A refundable payroll tax credit is now available for qualified wages paid from March 13, 2020, through December 31, 2020. The credit is 50% of employee wages, and the cap on wages is $10,000 per employee. This caps the credit at $5,000 per employee. 

This credit is available to employers who meet one of two criteria:

  • They have fully or partially suspended operations due to governmental orders limiting commerce, travel, or group meetings
  • They see a decrease of more than 50% in quarterly receipts compared to the same period in 2019

While health care organizations may be exempt from some of the government shutdown orders, many organizations will still qualify under the 50% reduction in receipts provision.

For employers who had 100 or fewer employee on average in 2019, all employee wages are eligible for the credit—including payments to furloughed employees. For larger employers, only the wages of furloughed employees or those facing reduced hours are eligible.

Wages include the employer costs related to health insurance benefits. The employee retention credit is reduced by any payroll tax credits received under The Families First Coronavirus Response Act passed on March 18, 2020.

Employers taking advantage of the Payroll Protection SBA loans aren’t eligible for this credit.

Suspension of 2% Medicare Sequestration

The 2% Medicare sequestration will be suspended from May 1, 2020, through December 31, 2020.

Delay of Employer Payroll-Tax Deposit Payments

Payment of the employer-portion of social-security payroll taxes—from the date of enactment through December 31, 2020—may be deferred.

This payment will eventually be due in two installments:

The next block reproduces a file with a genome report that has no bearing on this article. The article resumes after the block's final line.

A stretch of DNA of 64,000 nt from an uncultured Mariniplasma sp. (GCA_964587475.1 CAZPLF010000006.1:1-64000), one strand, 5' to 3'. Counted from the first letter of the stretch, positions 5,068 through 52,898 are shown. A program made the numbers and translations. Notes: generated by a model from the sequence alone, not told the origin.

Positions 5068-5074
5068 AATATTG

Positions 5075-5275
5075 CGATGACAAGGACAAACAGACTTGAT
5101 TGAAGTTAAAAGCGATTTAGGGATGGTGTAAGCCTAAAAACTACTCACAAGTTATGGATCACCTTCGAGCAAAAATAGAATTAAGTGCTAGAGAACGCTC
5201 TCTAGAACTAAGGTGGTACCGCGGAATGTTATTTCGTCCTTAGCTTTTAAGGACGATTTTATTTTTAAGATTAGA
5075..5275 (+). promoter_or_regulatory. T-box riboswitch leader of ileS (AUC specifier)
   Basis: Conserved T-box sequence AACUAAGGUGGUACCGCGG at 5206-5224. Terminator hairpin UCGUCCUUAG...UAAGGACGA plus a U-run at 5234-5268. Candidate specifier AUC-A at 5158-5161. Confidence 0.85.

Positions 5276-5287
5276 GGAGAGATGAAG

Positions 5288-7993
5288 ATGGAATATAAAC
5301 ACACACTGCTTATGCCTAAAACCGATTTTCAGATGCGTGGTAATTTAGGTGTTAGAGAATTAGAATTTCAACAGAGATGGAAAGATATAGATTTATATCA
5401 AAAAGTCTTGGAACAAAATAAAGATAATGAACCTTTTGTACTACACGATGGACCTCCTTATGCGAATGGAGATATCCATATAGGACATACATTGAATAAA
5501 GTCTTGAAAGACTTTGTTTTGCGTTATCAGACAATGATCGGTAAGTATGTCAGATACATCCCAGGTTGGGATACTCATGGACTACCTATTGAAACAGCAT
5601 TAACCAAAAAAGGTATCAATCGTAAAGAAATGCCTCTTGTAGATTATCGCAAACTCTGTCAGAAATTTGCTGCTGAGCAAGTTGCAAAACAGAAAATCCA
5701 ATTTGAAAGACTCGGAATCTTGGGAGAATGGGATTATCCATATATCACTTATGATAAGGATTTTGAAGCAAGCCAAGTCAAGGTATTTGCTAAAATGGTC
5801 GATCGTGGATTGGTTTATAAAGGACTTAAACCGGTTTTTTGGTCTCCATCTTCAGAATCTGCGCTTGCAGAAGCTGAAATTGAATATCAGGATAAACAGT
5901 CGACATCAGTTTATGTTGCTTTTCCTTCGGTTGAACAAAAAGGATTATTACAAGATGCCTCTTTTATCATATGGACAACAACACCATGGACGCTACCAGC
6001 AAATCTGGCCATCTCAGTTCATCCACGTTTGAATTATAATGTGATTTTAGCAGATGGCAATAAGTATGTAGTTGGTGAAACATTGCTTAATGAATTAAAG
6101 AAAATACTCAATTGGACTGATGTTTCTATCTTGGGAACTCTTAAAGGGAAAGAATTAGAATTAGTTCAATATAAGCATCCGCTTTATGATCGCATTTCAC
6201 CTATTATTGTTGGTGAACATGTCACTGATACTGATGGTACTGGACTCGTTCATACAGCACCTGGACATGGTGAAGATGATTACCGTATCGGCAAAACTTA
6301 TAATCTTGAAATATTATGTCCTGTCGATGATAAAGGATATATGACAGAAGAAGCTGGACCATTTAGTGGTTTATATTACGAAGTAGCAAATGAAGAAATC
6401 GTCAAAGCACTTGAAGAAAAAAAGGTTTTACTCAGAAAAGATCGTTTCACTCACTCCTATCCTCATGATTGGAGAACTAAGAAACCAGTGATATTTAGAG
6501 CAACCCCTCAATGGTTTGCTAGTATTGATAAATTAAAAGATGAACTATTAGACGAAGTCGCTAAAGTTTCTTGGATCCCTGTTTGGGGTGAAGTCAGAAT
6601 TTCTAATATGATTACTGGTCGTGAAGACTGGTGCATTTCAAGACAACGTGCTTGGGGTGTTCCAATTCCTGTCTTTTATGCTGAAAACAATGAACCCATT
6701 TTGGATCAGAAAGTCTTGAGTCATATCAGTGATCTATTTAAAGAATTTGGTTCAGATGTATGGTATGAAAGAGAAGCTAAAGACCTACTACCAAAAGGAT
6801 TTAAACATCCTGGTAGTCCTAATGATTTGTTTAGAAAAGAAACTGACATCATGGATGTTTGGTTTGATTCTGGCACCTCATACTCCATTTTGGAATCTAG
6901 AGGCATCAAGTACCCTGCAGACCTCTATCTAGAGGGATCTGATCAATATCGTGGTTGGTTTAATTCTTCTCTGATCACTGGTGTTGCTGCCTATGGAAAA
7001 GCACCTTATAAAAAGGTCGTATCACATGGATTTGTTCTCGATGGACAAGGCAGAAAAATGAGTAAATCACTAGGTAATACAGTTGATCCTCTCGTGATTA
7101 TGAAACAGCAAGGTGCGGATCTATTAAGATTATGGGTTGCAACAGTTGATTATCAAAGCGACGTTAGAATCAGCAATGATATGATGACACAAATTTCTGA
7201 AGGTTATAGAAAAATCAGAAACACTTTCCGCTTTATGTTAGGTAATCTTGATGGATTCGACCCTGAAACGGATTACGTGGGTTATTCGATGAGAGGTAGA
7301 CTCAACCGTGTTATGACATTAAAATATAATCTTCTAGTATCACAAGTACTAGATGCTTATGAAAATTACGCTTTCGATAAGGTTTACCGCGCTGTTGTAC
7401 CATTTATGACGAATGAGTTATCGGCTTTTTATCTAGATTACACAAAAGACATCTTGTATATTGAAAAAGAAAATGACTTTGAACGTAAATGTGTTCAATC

• December 31, 2021—first 50% installment
  • December 31, 2022—second 50% installment

Employers receiving loan forgiveness for the SBA Payroll Protection loans aren’t eligible for the payroll-tax deferral.

Expanded Telehealth Provisions

The CARES Act allows the US Department of Health and Human Services to waive telehealth coverage requirements for new patients during the crisis. This differs from prior legislation, which only covered existing patients.

It also contains provisions that allow for home-dialysis telehealth visits and expanded telehealth provisions for federally qualified health centers and rural health clinics.

Net Operating Loss Carrybacks

Net operating losses generated in 2018, 2019, or 2020 are now eligible to be carried back for five years to recoup taxes paid in a prior year.

This is a change from tax reform law, commonly referred to as the Tax Cuts and Jobs Act of 2017 (TCJA), which generally did not allow net operating losses to be carried back.

Improvement Property Correction

Qualified improvement property (QIP) is generally defined as nonstructural improvements to the interior portion of a commercial building, with some exceptions.

Under TCJA, QIP was intended to be depreciated over 15 years and be eligible for 100% bonus depreciation. There was an error in the drafting of the final bill, however, and QIP was inadvertently treated as 39-year property, which isn’t eligible for bonus depreciation.

The CARES Act fixes this issue retroactive to 2018, generally allowing bonus depreciation to be claimed on QIP property.

Interest Deduction Limitation Changes

The TCJA limited interest-expense deductions to no more than 30% of adjusted taxable income.

The CARES Act increases the allowable interest-expense deduction to 50%, which enables organizations to deduct the higher interest expenses they may incur by taking out bridge loans to get through the current economic crisis. This change applies to 2019 and 2020, except for partnerships where it only applies to 2020.

Suspension of Excess Business Loss Rules

Rules for excess business losses are now postponed until tax years beginning in 2021. These rules impact noncorporate taxpayers who report the tax results of their businesses on their personal tax returns.

Excess business loss rules limit the amount of losses that can be claimed in a given year. The temporary suspension is intended to allow taxpayers to claim losses without those limitations from the following business types:

  • Partnerships
  • Sole-proprietor practices
  • S corporations
  • Limited liability companies
  • Other flow-through businesses

This suspension is retroactive to 2018.

We’re Here to Help

The CARES Act is intended to help individuals and businesses access cash flow during these difficult times. To learn more about how your organization can benefit, contact your Moss Adams professional.